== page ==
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MANILA, Philippines – “I have an onion in my hand,” said overseas Filipino worker (OFW) Mark Aquino as he presented the vegetable to a Zoom conference with reporters on Friday, December 16. This was a symbol of the Marcos administration’s shortcomings, he said.
“Here in the Middle East, when we go grocery shopping and see onions, we don’t know if we should be happy, angry, or sad, because one kilo of onions costs just P30 here if you convert it to pesos. And we’re in countries that import onions,” said Aquino, Migrante Middle East’s regional coordinator.
“Meanwhile, in the Philippines, onions cost [around P300] per kilo, even if we have onion farmers,” Aquino added.
The thought of onions hits hard even on another side of the world. In the same media conference, United Filipinos in Hong Kong chairperson Dolores Balladares-Pelaez said that her family has to consider noche buena (traditional Christmas Eve dinner) recipes that don’t use onions because of how expensive they are.
“Our family has said that they have to cut down for their Christmas dinner. They will make do with cooking simple recipes just so they can have something special for Christmas Eve. It’s not like before, where if you could afford dessert, you would serve it too. Now, they won’t,” said Pelaez.
With the Philippine inflation rate hitting a 14-year high of 8% in November, some OFWs face a gloomier Christmas than usual. Not all gift requests from family members may be fulfilled this year, and some who were hoping to come home deal with the reality that it’s just too expensive for now.
Eurostat, the statistical office of the European Union, pegged euro area annual inflation at 9.9% in September, and 10.7% in October. Rhodney Pasion, Migrante Europe secretary general, said that the effects of inflation in the Philippines were comparable to what Filipinos abroad felt, with no guaranteed salary increases.
“Instead of us being able to send the amount we were able to send before inflation hit this high, we can no longer afford it because our salaries don’t increase just like that here in Europe,” Pasion said.
“We can’t send as much as we could before, because our electricity bills and other expenses like gas, which we use for heaters, has increased by 100%,” said Pasion.
Even with higher exchange rates, it is still difficult for some OFWs’ remittances to keep up with rising prices in the Philippines.
No homecoming this year
Gio Alonzo, an international student in Canada who also works full-time, is looking for something to do this Christmas.
All his relatives who were with him in Mississauga were able to “revenge travel” this year, but it wasn’t as easy for him.
“Some OFWs like my relatives can afford to travel because they didn’t travel last year, and dollars are more powerful now, so they don’t think much of [money]. I hear from them that the only expensive thing is the flight ticket,” said Alonzo.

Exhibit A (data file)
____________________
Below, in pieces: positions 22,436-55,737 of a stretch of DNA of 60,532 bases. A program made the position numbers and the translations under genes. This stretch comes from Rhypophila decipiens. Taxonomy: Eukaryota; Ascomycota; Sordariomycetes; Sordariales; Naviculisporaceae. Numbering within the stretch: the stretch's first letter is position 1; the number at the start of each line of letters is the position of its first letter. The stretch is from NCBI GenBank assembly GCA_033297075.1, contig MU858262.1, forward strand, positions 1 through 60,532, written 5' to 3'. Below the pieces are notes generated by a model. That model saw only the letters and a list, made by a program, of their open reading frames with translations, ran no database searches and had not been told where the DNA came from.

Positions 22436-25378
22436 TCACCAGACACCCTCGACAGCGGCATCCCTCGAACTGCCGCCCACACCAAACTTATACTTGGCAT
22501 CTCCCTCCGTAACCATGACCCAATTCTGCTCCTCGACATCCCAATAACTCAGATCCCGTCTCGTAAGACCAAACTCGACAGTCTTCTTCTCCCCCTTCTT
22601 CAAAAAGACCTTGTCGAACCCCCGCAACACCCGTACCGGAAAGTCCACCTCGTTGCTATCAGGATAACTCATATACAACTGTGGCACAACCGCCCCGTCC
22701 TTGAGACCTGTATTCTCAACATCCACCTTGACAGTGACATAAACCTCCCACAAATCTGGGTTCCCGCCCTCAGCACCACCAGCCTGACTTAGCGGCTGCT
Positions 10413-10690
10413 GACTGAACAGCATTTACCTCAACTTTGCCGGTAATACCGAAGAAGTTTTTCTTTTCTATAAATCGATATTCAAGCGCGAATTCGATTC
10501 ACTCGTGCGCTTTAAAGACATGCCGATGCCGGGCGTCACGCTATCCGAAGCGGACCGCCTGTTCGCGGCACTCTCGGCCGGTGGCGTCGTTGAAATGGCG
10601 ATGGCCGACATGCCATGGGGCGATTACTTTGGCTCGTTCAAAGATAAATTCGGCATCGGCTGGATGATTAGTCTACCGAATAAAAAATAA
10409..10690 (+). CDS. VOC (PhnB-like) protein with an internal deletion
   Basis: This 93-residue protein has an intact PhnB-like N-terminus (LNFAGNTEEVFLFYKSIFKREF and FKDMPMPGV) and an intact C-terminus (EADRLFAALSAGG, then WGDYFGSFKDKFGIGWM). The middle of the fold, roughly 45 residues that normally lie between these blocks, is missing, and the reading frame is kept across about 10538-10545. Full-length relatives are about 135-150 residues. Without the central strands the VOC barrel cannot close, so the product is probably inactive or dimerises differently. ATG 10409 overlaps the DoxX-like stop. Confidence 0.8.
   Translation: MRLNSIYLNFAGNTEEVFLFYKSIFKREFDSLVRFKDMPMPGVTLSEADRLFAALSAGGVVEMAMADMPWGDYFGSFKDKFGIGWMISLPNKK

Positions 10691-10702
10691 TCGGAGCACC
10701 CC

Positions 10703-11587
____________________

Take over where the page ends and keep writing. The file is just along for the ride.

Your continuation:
“It will significantly hurt my finances if I go back to the Philippines for a couple of weeks or months because I have monthly bills here. Thankfully, I only have to pay for rent, utilities, and insurance. But other people have car payments and house loans to worry about,” he added.
Alonzo also worries about the risk of getting COVID-19 during and after vacation leave in the Philippines.
For Abu Dhabi-based Jill, a barista who asked her surname be withheld, it is the fourth Christmas away from home.
“I’m thankful for social media, but there’s nothing like being with them at home. [Plane] tickets are so expensive, and even when there are promotions, you have to think about the expenses when you get home because of high prices,” said Jill.
Jill was able to visit the Philippines from July to September 2022, so she has an idea of what the prices are like back home. It was her homecoming after three years of working in the United Arab Emirates.
“I really felt the rising prices when I went home. It’s like, every time I breathed, P500 [gone]. The value of P100 feels so low compared to the past few years. I think if I sent P500 to my godchild now, the value would be very low because you can’t buy much with P500 [these days],” she said.
In the Friday press conference, Aquino also mentioned a Filipino community member in the Middle East whose plans of coming home were interrupted by inflation.
“He had completed his contract, and he wanted to go home to the Philippines for good. He wanted to start a business. But when he saw how high the cost of living was, he ended up extending his contract instead of finally coming home to his family,” Aquino said.
The Bangko Sentral ng Pilipinas forecasted in November that inflation for 2022 and 2023 will likely be above the 2% to 4% target range before easing to the low end of the target range in 2024. – with a report from Yana Uy/Rappler.com
All quotes have been translated to English.